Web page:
Since late September, a media-shy collection of ranchers, legislators and sportsmen (that is, hunters) has met with Arizona Game and Fish commissioners and staffers in a basement room of the House of Representatives. The group has been discussing whether the state should pay ranchers to compensate for the forage that elk eat.
It is also examining an unusual alternative: a plan that would allow the state to turn over partial ownership of elk to ranchers, so they can charge hunters upward of $10,000 for the rights to shoot the hungry beasts on public lands.
The "discussion group" was assembled by House Speaker Mark Killian. There's been nary an environmentalist in sight. And, although they have been invited repeatedly, officials with the U.S. Forest Service, which manages the land where 80 percent of the elk and a hefty percentage of the ranchers live, have failed to show up at the committee meetings.
The meetings have, as yet, produced no definitive result.
But they have illustrated the tension among ranchers and hunters and Game and Fish officials.
The tensions burbled to the surface when state Representative Jean McGrath insisted, with trademark stridency, that Game and Fish lobbyist Rich Stephenson leave the meeting.
"It's not intended for legislative liaisons," she trumpeted.
The meeting was by invitation only. There was even some buzzing and humming about whether a reporter should be allowed to attend a meeting of public servants and private interest groups aimed at formulating public policy for wildlife on public lands.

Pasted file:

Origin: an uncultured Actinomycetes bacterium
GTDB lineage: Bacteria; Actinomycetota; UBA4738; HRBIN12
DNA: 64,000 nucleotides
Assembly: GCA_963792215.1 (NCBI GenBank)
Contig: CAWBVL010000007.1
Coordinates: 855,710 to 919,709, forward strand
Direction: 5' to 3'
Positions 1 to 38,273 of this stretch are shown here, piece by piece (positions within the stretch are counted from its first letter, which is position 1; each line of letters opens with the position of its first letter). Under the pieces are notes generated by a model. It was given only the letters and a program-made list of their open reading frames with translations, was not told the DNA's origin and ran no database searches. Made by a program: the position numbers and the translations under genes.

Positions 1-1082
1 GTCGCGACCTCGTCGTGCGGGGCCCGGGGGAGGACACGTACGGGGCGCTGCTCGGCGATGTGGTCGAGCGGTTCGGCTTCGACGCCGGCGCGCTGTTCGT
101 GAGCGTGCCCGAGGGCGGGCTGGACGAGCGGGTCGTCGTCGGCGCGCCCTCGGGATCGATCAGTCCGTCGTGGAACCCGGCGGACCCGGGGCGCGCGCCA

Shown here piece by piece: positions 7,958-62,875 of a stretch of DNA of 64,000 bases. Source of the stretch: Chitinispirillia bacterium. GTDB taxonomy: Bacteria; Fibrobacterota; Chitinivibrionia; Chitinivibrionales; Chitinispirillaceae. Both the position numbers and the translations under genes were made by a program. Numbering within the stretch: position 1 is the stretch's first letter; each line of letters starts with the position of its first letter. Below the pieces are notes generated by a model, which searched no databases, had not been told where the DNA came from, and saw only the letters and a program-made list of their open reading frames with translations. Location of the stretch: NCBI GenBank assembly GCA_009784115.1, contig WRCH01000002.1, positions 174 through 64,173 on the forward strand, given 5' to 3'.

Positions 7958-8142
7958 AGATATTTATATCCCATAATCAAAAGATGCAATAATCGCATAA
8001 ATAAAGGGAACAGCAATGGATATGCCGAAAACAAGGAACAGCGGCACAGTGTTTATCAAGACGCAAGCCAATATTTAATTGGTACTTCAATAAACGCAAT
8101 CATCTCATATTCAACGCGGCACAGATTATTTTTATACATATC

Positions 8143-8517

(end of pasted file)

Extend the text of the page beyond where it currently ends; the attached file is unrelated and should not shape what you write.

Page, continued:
But eventually, discussion turned to the problem at hand: an estimated 30,000 elk that browse through the higher elevations of Arizona, mostly on national forest lands. And though they are noble beasts, and quite tasty, elk can chew their way through grasslands like long-legged rodents.
Their numbers are increasing. Because there are no natural predators in Arizona capable of taking down elk, they must be controlled through hunting.
Ranchers say there are far too many elk on the lands they lease from the state and federal government, eating them out of house and home.
"You just can't allow a state-managed resource to affect a person's business," says Jim Klinker, a spokesman for the Arizona Farm Bureau who accuses the Game and Fish Department of not taking appropriate elk-control measures.
"We think there has been mismanagement, particularly of the elk herd," he continues. "The elk herd has been allowed to grow at the expense of the person leasing the public land. And the only flex in the system has been the rancher has had to cut back on cattle."
Klinker says he feels that if ranching becomes too financially difficult, the ranchers will go out of business and sell their private landholdings. Those lands will then be developed, he says, and elk habitat will disappear altogether.
Even though most of the elk live on federal lands, in legal terms they belong to the state. And, in a complicated way, the ranchers believe the state-owned elkare depriving them of their constitutional property rights.
The argument goes something like this: State-owned elk eat grass growing on land that the ranchers lease from the federal government. The lack of grass affects the ranchers' business profits. The state doesn't properly limit the number of elk. Therefore, the ranchers argue, the state is actually violating their constitutionally guaranteed private-property rights.
Given the hazy constitutional underpinnings of this tortuous argument, it's no wonder that the loudest voice on the committee belongs to Mike Foster, the ombudsman for private-property rights, a lawyer hired by the Legislature to represent private-property owners against the government.